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GUS GUS is offline
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OK guys,deep breaths in out in out in out.Thats better!First let me tell you i am always grateful for ANY help i receive concerning keeping my s in good order.I listen,compare and then use any relevant info which will help me do the job in hand.In some cases a job can be done several different ways and still achieve the desired results.When i posted this thread i was in need of guidence,Bobby and Dave kindly pointed me in the right direction regarding what the problem could be,and how to remedy said problem.I have worked on and serviced most of my bikes myself,mainly because of cost.However as this is my first beemer,things like shaft drive and all the gubbings are new to me.As bobby runs a shop and sees bmw,s day in day out,i am sure he has lots to offer this board.Which is free after all.Good doctor,maybe you could have replyed to my thread without the verbal attack you administered to bobby.Maybe an apology is in order,don,t you think?Anyway i,m going to carry out said maintenance friday,chris canning has kindley offered me the use of his garage.Beats working out on the street!Once again thanks for ALL your help guys.

regards gus

Old 02-04-2003, 10:36 AM
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I am sorry that I mentioned anything about Atlanta at all. I know nothing about BMW of Atlanta and have not been to the city itself in over two years. I know nothing but good things about BMW of Atlanta and have no reason to think anything but the best about the dealer the owners, Bobby, and the shop workers. I have never heard anything negative about the dealership and my recent post on rear wheel play was in no way intended to slight Bobby, BMW of Atlanta, or anyone involved with it.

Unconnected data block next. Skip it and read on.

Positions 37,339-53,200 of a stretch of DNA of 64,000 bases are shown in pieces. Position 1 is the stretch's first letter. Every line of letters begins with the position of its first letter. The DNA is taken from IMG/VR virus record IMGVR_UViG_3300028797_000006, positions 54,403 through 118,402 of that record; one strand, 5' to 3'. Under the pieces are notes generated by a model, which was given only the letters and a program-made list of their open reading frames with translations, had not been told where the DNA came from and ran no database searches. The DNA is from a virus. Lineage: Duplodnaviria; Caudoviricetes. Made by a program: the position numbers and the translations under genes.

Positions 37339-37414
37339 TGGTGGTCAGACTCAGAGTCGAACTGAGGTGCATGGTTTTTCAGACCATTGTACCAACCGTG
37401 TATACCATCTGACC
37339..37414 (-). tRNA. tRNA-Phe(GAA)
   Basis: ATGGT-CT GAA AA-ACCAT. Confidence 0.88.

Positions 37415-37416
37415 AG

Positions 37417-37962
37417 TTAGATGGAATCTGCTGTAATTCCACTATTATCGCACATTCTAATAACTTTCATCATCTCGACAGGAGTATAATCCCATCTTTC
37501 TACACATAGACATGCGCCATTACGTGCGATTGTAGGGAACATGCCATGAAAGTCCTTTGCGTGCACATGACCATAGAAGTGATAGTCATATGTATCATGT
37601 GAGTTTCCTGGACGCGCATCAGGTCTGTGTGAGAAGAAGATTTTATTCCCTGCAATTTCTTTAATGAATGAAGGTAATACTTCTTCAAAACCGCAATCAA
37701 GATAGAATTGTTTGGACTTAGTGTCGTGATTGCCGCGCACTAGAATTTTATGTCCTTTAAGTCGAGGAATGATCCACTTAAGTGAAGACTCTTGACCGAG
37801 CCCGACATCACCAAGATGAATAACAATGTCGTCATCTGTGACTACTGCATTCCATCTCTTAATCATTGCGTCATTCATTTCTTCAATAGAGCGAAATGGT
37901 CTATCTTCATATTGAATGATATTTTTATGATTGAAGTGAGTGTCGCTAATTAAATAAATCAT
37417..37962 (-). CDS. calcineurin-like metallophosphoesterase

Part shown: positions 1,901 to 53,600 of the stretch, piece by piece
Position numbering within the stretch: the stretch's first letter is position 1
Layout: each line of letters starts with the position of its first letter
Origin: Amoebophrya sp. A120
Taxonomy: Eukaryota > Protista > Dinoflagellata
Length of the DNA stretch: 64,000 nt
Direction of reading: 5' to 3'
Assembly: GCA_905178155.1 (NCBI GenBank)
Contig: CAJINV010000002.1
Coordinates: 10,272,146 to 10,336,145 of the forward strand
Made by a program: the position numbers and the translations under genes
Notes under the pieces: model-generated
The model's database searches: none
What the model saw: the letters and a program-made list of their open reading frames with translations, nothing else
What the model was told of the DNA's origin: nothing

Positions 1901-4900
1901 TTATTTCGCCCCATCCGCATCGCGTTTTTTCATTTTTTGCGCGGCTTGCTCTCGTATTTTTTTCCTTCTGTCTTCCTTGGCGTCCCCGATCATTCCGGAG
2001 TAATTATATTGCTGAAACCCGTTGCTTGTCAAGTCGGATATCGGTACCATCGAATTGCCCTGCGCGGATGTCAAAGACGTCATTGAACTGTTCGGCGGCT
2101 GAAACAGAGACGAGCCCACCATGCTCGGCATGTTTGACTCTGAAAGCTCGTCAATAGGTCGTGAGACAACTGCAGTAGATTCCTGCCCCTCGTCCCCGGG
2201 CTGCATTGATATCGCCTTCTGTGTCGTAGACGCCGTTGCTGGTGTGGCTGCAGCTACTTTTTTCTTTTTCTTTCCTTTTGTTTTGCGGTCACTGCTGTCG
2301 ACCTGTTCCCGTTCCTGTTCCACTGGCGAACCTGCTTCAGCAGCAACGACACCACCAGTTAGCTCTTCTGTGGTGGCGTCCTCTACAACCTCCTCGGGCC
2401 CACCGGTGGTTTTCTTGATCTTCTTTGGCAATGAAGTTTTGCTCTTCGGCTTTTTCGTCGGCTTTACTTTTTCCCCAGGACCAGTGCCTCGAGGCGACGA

I "thought" that BMW of Atlanta was the same old shop that is a large Car dealership with a beautiful Motorcycle showroom as well. It, and the other shop in Atlanta at the time were quite competitive and often wrenchs shifted jobs after being hired away from others. This was 3 to 6 years ago however and I am glad to stand corrected by Bobby that the dealership he works for has moved well past those "good old days."